Friday, November 02, 2012

A More Accessible Georgetown, and Other BID Ideas


For a guy who has spent his career hopscotching between the public and private sectors, heading up the Georgetown Business Improvement District could be the ideal job. Joe Sternlieb, a Northwest DC resident and former vice president for acquisitions with EastBanc, the DC-based developer, started his new job as CEO of the Georgetown BID in mid-October. It’s his second round of employment with one of the city’s BIDs; Sternlieb spent ten years as part of the Downtown BID at a time when that area was just beginning to bloom. Before that, he spent time as a staff director for the DC City Council and worked on social justice issues.

Reporters and others focused on the city’s development scene might know Sternlieb as one of the chattiest and most accessible folks in the business. Here, he talked to DCMud about his new gig.

DCMud: Why did you decide to work for the Georgetown BID?


Joe Sternlieb: I’ve never had more fun than when I was working with the BIDs and I thought it could be a really fun and interesting opportunity to apply what I’ve learned in last 20-some years. And it’s in a new and interesting environment, quite different from the Downtown BID.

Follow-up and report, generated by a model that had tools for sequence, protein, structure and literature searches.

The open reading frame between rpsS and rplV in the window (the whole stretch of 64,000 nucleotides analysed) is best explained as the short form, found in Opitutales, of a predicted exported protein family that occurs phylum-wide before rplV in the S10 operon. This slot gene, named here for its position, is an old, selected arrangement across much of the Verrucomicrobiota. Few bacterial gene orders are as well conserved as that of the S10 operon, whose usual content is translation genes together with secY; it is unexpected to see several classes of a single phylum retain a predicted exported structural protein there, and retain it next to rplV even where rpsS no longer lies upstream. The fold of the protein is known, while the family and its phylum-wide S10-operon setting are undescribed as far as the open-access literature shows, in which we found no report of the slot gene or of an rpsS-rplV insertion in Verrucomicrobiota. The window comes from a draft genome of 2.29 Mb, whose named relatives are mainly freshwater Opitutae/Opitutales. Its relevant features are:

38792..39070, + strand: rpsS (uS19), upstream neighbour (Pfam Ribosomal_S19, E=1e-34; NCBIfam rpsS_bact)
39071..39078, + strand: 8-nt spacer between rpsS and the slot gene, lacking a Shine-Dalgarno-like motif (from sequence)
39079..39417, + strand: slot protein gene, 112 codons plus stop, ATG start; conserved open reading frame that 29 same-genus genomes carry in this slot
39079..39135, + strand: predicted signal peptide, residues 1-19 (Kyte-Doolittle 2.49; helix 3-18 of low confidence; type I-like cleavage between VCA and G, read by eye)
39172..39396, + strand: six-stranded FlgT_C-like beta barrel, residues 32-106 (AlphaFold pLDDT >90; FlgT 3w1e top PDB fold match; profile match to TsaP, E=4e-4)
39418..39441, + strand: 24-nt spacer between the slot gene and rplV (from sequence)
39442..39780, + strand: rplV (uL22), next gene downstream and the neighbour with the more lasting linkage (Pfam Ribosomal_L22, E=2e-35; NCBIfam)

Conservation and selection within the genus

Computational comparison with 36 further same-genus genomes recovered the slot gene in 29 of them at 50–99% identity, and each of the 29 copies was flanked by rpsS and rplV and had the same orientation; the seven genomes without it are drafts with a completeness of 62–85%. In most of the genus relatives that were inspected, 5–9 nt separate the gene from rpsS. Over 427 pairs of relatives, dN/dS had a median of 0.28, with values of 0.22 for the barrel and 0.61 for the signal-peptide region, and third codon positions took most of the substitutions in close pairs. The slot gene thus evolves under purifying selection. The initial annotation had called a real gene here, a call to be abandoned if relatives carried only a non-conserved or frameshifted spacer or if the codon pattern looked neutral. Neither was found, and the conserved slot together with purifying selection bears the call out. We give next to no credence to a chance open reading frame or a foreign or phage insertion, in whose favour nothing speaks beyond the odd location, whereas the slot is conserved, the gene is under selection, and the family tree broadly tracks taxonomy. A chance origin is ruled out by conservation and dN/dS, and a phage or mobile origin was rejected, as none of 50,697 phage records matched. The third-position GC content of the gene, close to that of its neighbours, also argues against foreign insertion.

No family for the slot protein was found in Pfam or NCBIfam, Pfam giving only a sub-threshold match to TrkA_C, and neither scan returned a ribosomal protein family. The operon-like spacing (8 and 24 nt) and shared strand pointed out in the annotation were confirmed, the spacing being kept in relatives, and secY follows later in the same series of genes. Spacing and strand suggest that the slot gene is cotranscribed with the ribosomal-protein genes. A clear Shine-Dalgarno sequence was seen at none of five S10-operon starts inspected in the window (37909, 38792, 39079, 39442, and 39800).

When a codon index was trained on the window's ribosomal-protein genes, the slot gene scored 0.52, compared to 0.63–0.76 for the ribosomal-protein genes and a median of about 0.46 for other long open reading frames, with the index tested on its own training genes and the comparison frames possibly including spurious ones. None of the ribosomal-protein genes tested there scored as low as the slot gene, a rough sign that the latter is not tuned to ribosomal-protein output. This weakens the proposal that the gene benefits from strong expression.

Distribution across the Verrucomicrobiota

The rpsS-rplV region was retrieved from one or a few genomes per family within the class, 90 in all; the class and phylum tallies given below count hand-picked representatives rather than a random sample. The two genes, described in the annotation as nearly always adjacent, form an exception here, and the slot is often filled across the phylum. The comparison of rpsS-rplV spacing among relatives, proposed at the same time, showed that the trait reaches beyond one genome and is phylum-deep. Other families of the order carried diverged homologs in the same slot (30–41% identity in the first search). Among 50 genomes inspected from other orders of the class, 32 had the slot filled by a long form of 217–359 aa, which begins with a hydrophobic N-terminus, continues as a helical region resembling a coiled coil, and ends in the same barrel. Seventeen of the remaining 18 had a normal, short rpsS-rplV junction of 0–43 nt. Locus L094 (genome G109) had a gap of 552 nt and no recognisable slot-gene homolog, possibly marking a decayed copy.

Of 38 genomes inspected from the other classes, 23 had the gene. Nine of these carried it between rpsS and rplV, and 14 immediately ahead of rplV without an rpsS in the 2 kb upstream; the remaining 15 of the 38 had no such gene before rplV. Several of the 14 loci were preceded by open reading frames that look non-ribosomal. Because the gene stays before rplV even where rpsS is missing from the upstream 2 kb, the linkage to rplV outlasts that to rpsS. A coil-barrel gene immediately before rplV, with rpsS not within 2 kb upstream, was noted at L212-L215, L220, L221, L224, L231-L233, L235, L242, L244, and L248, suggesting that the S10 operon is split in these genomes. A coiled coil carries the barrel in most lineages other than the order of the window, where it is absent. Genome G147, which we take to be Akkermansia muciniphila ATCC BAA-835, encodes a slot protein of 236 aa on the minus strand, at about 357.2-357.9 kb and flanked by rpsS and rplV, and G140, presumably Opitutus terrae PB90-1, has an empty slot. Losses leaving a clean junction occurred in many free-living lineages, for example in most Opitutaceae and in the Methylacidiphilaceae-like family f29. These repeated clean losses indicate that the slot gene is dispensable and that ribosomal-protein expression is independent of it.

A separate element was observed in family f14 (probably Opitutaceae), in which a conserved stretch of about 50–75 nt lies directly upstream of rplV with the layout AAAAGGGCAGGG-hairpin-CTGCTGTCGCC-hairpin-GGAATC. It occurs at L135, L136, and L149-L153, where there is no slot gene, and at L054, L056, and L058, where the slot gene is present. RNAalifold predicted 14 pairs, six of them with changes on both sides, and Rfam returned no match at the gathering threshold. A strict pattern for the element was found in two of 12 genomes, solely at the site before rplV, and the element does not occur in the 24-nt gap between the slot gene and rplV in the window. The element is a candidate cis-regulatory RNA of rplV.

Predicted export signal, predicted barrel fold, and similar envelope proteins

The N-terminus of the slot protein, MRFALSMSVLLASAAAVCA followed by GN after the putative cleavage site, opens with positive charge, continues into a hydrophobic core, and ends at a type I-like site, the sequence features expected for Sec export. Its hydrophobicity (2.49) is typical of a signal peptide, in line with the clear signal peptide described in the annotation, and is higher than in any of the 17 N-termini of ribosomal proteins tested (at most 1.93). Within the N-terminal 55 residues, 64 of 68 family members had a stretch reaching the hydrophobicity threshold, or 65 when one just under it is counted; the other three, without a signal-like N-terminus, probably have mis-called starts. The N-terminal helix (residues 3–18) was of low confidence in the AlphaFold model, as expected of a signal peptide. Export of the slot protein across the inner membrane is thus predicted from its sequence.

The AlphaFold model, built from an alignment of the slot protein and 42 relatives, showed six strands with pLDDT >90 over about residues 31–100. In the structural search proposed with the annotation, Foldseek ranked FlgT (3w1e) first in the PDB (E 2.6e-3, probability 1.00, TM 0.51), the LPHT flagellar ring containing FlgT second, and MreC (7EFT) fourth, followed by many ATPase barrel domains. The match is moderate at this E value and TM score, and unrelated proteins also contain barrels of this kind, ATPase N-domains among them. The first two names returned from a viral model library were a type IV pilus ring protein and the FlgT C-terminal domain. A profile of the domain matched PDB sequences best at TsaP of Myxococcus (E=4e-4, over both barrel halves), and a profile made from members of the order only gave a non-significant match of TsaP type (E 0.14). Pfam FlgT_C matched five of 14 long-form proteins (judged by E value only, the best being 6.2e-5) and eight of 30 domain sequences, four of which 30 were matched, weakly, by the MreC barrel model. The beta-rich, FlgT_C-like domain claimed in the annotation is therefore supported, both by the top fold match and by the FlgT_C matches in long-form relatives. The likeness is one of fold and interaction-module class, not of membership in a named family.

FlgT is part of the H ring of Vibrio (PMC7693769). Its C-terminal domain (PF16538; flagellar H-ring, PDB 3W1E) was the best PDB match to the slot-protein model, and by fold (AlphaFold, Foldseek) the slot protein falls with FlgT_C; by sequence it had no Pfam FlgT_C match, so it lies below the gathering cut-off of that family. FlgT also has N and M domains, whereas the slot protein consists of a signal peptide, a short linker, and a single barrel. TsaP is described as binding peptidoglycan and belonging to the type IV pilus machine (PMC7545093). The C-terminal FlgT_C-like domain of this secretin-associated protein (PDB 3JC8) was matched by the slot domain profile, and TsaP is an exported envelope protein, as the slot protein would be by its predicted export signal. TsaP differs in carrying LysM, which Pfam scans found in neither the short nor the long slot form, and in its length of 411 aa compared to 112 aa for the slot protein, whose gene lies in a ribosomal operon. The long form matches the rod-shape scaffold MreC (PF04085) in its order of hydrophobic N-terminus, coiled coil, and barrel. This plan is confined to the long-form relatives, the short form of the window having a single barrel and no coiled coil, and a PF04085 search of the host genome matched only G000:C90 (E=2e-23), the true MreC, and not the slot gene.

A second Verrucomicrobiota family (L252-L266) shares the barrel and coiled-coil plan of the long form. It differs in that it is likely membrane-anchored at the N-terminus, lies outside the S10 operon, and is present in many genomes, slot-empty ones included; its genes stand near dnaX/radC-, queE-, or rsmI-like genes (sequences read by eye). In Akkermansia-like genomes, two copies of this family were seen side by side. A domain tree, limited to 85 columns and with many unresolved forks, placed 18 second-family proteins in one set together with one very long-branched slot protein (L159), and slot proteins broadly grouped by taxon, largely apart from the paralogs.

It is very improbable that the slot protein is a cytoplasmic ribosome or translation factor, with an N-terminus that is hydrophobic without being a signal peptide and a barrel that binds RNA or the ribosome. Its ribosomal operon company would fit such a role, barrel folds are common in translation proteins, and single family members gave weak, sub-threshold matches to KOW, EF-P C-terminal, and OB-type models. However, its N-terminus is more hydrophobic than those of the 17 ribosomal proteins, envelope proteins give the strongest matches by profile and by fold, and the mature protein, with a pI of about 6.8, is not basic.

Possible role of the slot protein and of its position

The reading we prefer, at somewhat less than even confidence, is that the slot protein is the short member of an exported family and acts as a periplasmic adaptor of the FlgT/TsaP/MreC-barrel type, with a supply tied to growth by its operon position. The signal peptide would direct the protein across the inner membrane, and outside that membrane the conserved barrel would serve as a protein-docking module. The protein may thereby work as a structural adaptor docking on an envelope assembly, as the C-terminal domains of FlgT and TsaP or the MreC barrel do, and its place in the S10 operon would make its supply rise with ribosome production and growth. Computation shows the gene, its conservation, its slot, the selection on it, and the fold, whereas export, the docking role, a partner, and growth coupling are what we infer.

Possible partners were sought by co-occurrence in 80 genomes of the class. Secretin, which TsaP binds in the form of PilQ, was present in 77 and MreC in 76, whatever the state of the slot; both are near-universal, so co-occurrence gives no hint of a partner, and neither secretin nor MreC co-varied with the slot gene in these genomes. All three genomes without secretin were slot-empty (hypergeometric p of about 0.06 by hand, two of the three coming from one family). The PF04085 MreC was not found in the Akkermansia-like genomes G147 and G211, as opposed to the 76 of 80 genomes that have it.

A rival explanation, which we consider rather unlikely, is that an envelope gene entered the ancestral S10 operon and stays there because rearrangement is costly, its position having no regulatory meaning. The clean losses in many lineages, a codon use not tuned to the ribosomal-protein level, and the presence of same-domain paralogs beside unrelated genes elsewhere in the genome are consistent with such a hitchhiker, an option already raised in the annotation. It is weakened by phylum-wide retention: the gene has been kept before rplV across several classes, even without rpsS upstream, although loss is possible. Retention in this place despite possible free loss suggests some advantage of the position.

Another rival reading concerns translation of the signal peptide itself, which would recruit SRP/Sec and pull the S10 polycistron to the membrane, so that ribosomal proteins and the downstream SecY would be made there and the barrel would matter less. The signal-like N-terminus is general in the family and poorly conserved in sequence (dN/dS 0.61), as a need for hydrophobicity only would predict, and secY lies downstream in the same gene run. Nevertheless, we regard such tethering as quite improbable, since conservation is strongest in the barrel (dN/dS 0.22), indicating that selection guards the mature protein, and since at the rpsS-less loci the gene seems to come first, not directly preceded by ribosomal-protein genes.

DCMud: How is it so different?

Sternlieb: When I started working for the Downtown BID, there were something like 40-50 surface parking lots, few restaurants, and very few people living there. We were trying to give definition to a place while development was occurring from private sector. [In contrast], Georgetown is really well-defined and developed: it’s got a vibrant retail and restaurant presence, and all these other physical attributes, from the C&O Canal and the waterfront to historic neighborhoods. The task here is how to make it appear and be a really accessible place.

DCMud: What do you mean, “accessible”?

Sternlieb: A lot of people perceive it as difficult to get to. There are lots of ways to change that. [For example], there’s a huge number of underground parking spaces in Georgetown that are closed on the weekend; demand isn’t high because there’s street parking. But the latter creates a lot of congestion. So I’d like to look at how to improve congestion parking. I also think we need a lot more bike racks, cabbie stations, and Circulator service. I think of transportation the same way DDOT does: considering all options, including cars, buses, bikeshare, pedestrians—it’s all a single system.

DCMud: Georgetown used to be the place to go in DC, but there are so many dynamic neighborhoods now. How do you plan to compete?

Sternlieb: We’ll need to work harder to remind people that Georgetown is here. We’re working with local merchants to think about ways to attract people back to Georgetown; we have opportunities to do open markets and special events, and we’re also working closely with home furnishings and design retailers to create a real urban design district.

DCMud:
The new park along the river is such a terrific resource—do you have plans for it?